But there are a few things to be wary of in this structure. Conflicts could arise between individual team objectives and overall organization objectives, which might lead to long project cycles. To avoid this, it is important to create common business goals, in additional to functional goals, for all teams. For example, performance marketing KPIs should not only have traffic by paid channel, but also the conversion from these channels to foster better collaboration.

One thing that gets missed in this organizational structure is a marketing technology role. The line between digital marketing and technology is thinning every year. While digital marketers become more tech-savvy (or tech teams become more marketing-savvy), a marketing technology person is needed to drive this.

Structure 3:The Digital Champion

A lot of new-age financial services companies are pivoting to the structure above. I am cautiously optimistic. In this structure, the chief digital officer is responsible for digital marketing and the product and technology teams; hence, the coordination is significantly better when compared with structure 2.

But it is important to note that challenges do exist with this structure. It is extremely difficult to hire a good CDO. You are looking to hire the jack-of-all-trades who holds expertise in, preferably, product and business. Organizations can end up going through multiple iterations before they find the right candidate. The CDO needs to effectively delegate decision making to team leads to avoid being a bottleneck. On a day-to-day basis, a CDO can drive only one or two projects directly. For the rest, the CDO is really an adviser.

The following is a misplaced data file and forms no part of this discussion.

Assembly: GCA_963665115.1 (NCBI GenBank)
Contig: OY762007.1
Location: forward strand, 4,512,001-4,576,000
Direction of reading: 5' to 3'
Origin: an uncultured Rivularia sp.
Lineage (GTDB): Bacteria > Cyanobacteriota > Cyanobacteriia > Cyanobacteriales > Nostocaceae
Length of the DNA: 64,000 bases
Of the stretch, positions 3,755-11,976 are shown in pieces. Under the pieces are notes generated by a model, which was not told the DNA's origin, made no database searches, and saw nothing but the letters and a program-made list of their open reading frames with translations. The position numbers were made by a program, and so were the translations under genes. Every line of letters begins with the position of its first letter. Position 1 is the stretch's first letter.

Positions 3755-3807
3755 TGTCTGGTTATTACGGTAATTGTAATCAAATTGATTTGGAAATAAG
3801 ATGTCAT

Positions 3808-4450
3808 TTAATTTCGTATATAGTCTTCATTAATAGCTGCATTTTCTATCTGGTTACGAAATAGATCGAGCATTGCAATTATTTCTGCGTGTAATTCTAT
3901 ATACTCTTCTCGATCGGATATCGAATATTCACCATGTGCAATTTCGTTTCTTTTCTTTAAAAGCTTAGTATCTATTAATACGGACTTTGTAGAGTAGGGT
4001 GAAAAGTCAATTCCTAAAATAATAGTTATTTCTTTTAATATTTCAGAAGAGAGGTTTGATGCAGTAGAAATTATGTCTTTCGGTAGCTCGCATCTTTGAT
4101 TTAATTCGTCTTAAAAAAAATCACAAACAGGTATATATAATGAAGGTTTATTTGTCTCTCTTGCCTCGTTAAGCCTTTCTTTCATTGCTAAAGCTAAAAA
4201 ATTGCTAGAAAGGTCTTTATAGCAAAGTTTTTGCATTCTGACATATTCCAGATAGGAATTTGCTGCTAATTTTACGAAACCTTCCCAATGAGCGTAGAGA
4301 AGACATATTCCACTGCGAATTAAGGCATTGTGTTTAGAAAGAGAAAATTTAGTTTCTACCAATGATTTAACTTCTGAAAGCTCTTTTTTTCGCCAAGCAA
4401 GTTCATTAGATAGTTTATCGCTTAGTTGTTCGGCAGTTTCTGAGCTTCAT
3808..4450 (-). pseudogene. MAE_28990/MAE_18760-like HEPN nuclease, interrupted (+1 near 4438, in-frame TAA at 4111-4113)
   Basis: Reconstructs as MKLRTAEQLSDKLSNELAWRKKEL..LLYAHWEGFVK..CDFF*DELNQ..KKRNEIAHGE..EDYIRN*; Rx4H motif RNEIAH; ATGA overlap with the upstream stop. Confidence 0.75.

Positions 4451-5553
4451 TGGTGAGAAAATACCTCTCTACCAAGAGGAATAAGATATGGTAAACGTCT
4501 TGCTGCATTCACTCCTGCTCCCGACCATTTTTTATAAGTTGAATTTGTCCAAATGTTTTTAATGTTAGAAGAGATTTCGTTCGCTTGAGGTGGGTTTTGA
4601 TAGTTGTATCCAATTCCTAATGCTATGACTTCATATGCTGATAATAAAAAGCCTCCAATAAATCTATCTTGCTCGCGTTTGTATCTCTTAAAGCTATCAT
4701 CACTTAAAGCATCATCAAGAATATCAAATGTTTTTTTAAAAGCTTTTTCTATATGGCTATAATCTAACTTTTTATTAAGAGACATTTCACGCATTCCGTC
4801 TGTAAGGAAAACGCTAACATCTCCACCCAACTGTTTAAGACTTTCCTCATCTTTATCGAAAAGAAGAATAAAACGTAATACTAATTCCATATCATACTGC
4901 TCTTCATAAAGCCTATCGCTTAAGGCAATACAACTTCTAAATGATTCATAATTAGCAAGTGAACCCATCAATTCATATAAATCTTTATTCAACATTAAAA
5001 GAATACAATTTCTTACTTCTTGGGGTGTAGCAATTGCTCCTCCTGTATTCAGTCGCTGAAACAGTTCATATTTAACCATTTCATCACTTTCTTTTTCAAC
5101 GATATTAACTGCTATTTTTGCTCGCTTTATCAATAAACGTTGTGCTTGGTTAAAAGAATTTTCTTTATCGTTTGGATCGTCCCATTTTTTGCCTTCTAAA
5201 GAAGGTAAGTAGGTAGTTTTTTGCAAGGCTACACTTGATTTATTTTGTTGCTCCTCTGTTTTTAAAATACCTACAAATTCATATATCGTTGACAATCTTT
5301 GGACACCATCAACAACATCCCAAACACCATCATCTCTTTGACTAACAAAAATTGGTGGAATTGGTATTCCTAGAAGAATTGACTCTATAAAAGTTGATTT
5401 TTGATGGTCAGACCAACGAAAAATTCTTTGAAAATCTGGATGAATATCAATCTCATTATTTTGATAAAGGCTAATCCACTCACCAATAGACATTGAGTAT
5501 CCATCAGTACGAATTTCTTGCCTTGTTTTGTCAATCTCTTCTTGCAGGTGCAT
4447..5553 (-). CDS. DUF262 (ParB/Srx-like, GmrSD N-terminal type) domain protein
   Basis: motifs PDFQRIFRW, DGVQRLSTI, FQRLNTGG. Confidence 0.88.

Another problem can be top-funnel digital marketing and brand building. As search and other bottom-funnel channels get increasingly saturated and expensive, it is inevitable for digital to move more toward digital branding, bringing the CMO and CDO working closely together.

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There is no one-size-fits-all answer to structuring your digital teams. Wins exist in all structures, despite their challenges. In my opinion, three critical things are needed to make your digital teams successful:

To start with, focus on building expertise centers so that you can utilize newest technology offerings to understand more agile ways to achieve business outcomes and to disrupt the status quo.

Second, define a few key digital metrics that everyone in the organization works toward. This helps make the digital agenda the organization agenda.

Third, for organizational change to be sustained and withstand our turbulent business environment, it is up to the leadership team, particularly the CXOs, to personally help to resolve conflicts across teams and drive digital success.

Topics: CMO by Adobe, Insights & Inspiration, Experience Cloud, Leadership, Future of Work